Slow Down

by Jamey Mann, Catoctin School of Music

Something I say several times a day to students is please slow down. Students playing too fast is an issue students of all abilities must work on. Many listen to their favorite songs or artist and are eager to play just as fast as them. In addition, students may have difficulty recognizing the piece or song they are playing at a slower tempo  which is frustrating to them.

What students do not realize is they are developing poor practice habits, poor technique, and making mistakes they are not aware of. Students that play too fast do not retain well, once they are finished with the piece, and (if they finish) they will forget it almost immediately.

It takes a decent amount of hard work from the teacher and discipline on the students’ part to practice correctly and effectively. It can take a long time for some students to slow down. I often must reiterate the dangers of playing too fast and the benefits of slow practice. Here are a few. 

  1. Slow down means slow down- Often when a teacher asks a student to slow down, they repeat their music at almost the same tempo. Usually when we say slow down, we are asking the student to slow down by 25% or 50%. Generally, we are doing this so that we can see/hear clearly what is going on with technique. It can be difficult to diagnose a technique problem or mistake when students are playing too fast. It will also be impossible for the student to realize technique issues when playing too fast.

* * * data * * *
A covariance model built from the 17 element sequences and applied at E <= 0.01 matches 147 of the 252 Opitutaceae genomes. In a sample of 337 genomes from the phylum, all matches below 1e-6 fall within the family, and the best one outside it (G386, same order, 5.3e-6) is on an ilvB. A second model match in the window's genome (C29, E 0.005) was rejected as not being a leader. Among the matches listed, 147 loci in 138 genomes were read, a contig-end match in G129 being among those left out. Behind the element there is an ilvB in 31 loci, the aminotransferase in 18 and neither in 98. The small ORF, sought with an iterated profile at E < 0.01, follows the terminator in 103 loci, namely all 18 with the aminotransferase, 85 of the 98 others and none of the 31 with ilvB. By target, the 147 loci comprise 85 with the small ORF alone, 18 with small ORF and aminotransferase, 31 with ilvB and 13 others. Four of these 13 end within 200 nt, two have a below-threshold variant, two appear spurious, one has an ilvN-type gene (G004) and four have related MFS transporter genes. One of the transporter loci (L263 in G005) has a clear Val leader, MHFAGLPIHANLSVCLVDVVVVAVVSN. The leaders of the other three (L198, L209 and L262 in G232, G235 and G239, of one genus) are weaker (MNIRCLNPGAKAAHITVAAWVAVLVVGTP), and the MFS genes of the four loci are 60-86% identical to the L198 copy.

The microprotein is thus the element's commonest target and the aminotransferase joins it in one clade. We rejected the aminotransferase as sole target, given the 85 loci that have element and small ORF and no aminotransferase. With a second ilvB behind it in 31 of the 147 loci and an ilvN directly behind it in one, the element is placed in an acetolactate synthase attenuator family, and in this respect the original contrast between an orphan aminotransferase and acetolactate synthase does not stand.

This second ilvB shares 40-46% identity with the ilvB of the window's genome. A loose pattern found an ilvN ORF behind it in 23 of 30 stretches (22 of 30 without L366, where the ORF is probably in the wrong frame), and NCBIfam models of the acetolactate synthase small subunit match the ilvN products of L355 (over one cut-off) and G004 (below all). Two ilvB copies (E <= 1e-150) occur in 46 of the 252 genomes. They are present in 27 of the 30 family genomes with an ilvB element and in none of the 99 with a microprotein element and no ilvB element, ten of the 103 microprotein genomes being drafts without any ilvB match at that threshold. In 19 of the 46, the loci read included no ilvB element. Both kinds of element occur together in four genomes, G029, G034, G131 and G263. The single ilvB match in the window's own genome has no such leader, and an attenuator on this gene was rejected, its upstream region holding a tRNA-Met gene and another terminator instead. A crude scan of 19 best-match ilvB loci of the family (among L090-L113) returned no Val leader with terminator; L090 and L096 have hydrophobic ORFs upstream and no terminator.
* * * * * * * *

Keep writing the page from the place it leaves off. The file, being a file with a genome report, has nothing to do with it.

2. Learning Mistakes – Students that play too fast often learn mistakes and learn them well. 😊 Wrong notes, distorted rhythms, and other issues are difficult to fix once learned. Students playing too fast often think they are learning music quickly, but really it takes them longer when they must go back and unlearn mistakes.
  3. Muscle Memory vs. Long Term Memory – Although both must be practiced, students that play too fast are relying on muscle memory to get them through a piece. This is dangerous as it is easy for muscle memory to fail you in performance. The slightest distraction or lack of concentration leads to catastrophic mistakes that are difficult to recover from. If students practice slowly and methodically, paying to attention to form and harmonic progressions, their music is learned more thoroughly with long term memory. This means the student will know how to play the piece long term and makes it easier to recover from mistakes in performance.
  • Calms the nerves– Practicing slowly allows for students to take time to realize much about their music and technique they are missing. Students that take the time to practice slowly are often more confident in performances. They know they have learned the piece thoroughly and can easily recover from mistakes. Unfortunately, students that practice too fast realize their mistake before performance as their anxiety will clearly show. They know that they may not know the piece as well as they should, and it manifests as performance anxiety.

In my music education I was taught be able to play my music at half speed blind folded. Of course, I learned this the hard way for years playing too fast and giving performances where I was very anxious and did not play to the best of my ability. Once I learned how to slow down, I found it beneficial, fun, and it made performing far more pleasurable as it boosted my confidence.  

Catoctin School of Music
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